Former SeaWorld Trainer Breaks Silence To Denounce Horrors Of Captivity

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John Hargrove worked at one of SeaWorld's notorious parks for nearly 14 years, before quitting in 2012. He also worked at Marineland d'Antibes in the south of France, where he supervised whale training.

 

After having participated in keeping orcas in captivity for so long, he decided to speak out against the industry, hoping to draw attention to the abuse killer whales and other sea mammals face in water parks around the globe.

 

Source: The Dodo

 

John Hargove told The Mail:

 

What continues to go on in parks like SeaWorld is an abomination. They claim captive orcas help educate people, and for years I bought into it. But Kasatka lived in misery, in barbaric and horrific conditions, and died in agony. She lived out her days in a house of horrors – and I was complicit in selling the lie to the public.

 

Kasatka, a 40-year-old female orca captured from the wild in 1978 was put down at San Diego's SeaWorld in August after a long battle with a lung infection that she'd had since 2008, as well as a skin infection. She had spent nearly her entire life in captivity.

 

Source: Valerie Broesch

 

Captive orcas spend their lives in tiny tanks, often alone, being forced to perform in shows against their natural instincts. While trapped, they can't travel the hundreds of kilometers a day that they would in the wild and suffer from physical and psychological problems, including depression.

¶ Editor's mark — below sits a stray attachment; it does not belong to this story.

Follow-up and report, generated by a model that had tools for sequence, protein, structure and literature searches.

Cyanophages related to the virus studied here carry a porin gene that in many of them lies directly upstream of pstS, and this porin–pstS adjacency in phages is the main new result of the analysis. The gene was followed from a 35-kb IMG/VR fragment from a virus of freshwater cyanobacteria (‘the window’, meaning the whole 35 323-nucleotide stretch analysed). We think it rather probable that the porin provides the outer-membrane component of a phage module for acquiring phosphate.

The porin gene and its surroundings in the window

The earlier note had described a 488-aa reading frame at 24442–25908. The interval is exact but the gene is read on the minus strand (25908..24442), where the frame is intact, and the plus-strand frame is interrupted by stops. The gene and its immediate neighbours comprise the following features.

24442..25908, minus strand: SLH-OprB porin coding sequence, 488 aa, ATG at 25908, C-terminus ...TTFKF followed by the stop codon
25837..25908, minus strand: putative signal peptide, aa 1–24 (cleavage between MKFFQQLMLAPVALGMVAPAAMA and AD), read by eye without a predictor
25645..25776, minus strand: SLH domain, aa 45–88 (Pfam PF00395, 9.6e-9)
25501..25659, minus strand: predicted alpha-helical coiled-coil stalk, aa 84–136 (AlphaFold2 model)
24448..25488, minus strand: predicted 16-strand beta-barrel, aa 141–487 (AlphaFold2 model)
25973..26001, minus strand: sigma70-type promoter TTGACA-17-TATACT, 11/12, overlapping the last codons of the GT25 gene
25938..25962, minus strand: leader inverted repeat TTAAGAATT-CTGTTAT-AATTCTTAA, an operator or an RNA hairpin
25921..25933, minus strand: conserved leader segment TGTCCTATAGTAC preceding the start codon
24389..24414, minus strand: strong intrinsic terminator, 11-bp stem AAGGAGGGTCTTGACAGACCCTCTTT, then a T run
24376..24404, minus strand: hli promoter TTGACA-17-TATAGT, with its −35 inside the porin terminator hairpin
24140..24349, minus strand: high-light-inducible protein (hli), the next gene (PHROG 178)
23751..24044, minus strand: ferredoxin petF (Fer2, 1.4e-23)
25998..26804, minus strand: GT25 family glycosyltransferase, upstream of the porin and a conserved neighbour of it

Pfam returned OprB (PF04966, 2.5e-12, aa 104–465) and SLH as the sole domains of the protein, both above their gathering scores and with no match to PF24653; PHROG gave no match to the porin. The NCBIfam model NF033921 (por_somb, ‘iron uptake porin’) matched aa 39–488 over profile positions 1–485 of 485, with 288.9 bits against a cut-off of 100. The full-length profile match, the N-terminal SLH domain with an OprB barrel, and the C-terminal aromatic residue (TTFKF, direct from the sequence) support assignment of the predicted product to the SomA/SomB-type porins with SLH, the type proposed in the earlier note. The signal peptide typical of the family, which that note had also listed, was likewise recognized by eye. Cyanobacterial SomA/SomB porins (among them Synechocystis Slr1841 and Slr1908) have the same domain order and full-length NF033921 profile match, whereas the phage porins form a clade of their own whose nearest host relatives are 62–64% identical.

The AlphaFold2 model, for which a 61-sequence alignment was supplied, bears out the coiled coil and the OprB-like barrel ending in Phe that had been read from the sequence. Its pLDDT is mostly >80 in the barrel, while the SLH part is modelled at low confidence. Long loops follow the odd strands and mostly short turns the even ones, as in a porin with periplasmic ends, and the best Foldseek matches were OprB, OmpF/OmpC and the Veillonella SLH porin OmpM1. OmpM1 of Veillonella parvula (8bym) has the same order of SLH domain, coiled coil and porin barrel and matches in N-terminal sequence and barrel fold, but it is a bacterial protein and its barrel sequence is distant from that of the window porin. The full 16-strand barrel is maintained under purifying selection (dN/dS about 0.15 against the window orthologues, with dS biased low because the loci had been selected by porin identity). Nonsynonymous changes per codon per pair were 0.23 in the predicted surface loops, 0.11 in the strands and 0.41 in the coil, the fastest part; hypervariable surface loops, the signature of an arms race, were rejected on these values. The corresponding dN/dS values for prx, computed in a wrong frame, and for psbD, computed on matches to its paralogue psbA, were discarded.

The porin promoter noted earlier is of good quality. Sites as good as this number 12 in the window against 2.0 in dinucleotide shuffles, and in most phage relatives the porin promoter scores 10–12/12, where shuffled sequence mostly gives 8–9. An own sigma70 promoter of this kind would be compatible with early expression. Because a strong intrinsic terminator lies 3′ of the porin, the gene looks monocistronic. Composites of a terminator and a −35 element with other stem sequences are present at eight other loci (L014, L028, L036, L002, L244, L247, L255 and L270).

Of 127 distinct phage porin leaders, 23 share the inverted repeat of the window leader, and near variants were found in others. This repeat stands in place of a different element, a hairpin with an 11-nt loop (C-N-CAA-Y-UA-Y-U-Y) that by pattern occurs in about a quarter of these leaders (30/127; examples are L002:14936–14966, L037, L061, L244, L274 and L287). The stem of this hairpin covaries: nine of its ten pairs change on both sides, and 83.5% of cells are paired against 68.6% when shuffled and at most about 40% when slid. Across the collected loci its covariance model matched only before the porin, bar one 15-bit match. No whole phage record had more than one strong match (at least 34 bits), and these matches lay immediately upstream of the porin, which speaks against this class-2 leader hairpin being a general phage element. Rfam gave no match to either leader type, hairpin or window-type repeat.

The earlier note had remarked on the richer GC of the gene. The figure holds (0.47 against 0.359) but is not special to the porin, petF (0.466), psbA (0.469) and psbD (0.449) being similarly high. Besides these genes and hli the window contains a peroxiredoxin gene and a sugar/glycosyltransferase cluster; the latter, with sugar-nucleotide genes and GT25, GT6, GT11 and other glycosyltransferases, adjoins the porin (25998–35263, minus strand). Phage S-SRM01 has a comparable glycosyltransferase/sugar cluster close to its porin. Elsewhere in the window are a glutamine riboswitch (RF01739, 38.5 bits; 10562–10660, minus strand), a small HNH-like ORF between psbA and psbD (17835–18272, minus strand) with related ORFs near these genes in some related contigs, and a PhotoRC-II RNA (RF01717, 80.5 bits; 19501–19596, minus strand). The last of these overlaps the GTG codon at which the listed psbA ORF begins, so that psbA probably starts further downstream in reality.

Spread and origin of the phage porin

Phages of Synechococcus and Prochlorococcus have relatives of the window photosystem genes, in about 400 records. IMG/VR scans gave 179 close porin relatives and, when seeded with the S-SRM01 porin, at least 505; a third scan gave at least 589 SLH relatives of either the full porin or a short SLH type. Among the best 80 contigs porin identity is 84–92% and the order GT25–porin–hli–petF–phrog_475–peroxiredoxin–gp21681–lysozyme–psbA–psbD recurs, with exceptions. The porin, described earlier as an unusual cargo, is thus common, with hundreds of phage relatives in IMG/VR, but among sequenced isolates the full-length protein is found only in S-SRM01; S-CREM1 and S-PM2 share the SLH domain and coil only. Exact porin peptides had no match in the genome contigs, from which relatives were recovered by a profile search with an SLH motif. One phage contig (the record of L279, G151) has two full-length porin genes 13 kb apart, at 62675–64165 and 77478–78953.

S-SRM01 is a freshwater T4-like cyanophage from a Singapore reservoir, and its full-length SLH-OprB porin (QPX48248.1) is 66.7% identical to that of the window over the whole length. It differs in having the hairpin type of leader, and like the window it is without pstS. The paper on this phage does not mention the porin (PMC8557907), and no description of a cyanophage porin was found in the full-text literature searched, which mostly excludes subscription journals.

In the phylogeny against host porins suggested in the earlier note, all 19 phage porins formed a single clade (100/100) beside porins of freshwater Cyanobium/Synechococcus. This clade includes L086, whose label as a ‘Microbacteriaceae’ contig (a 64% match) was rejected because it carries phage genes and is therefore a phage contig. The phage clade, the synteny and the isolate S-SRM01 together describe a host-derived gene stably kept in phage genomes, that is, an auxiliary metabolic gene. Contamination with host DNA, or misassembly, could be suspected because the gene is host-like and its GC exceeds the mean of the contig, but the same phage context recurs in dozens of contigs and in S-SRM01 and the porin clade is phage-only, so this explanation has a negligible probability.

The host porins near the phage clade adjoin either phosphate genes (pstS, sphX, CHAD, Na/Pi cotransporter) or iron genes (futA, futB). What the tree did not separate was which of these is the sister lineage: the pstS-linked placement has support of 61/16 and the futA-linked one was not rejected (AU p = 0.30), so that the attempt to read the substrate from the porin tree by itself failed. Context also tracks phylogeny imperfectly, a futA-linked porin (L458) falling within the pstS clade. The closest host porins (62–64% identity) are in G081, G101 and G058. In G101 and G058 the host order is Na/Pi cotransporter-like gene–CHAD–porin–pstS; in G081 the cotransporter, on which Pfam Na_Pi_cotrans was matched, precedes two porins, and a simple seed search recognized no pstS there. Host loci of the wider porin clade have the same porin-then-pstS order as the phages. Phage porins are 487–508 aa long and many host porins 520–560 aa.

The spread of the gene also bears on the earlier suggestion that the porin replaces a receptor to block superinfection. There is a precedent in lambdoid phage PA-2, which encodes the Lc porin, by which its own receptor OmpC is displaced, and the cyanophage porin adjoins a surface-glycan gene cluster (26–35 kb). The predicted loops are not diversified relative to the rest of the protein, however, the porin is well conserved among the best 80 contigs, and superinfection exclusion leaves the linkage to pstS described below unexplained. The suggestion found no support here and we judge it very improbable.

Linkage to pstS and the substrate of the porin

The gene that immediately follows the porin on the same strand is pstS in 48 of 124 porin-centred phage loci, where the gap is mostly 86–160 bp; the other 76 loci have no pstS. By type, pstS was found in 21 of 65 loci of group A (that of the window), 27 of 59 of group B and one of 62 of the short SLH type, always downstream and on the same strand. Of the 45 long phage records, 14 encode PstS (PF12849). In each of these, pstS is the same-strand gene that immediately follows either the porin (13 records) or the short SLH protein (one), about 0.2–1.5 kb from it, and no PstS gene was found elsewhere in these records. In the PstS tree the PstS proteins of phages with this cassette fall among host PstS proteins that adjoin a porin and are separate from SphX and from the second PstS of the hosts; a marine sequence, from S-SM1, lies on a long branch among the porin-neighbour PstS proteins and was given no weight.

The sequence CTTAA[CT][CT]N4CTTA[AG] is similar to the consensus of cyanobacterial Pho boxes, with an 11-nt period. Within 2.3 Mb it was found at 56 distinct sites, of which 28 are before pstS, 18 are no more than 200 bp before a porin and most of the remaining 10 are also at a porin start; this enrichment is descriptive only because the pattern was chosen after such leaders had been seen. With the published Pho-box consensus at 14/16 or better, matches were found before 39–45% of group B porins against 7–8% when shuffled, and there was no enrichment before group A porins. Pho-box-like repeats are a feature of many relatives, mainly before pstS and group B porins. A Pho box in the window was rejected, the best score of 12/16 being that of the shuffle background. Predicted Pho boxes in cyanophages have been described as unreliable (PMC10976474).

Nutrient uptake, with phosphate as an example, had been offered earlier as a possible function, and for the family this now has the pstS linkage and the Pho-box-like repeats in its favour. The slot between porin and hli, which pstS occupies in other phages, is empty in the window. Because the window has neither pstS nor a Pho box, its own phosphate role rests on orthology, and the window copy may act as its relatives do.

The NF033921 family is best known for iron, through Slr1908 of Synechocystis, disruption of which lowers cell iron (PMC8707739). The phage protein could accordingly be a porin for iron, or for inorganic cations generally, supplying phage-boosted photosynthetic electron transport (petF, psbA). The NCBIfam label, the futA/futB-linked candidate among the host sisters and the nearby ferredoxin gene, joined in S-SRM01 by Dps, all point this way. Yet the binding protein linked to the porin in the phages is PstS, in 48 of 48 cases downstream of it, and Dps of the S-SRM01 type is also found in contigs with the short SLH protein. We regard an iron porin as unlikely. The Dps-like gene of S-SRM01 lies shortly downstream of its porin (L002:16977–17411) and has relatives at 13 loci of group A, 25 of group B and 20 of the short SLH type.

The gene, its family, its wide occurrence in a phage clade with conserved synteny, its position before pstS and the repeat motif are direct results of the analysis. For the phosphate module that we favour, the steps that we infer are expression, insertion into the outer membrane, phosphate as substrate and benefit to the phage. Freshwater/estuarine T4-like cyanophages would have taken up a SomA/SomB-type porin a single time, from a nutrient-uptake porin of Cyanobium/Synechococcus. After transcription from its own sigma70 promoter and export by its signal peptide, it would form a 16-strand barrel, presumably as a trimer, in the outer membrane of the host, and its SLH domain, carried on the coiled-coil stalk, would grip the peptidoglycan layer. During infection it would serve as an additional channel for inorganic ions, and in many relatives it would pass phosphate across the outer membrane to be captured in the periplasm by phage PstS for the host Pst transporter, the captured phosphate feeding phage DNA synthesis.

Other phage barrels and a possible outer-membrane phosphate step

Gabriela Cowperthwaite's 2013 documentary Blackfish, explored the life of Tilikum, a famous orca who was captured off Iceland in 1983, like Kasatka. In the course of his lifetime, he killed three people, including Dawn Brancheau, one of his trainers, in the middle of a show. The film found critical acclaim, but was also criticized for being biased.

 

However, its impact has been monumental, shedding light on living conditions for killer whales as well as having financial consequences for SeaWorld, who has seen a significant drop in visitors since the film's premier.

 

Source: DR

 

Tilikum sadly died in January 2017, after 34 years in a tank, leaving Lolita, who lives at Seaquarium in Miami, to be the new poster child for the controversy surrounding captive orcas. Known as 'the loneliest whale in the world', she is currently at the heart of a court case between animal rights activists and the park who owns her.

 

Source: Dauphins libres

 

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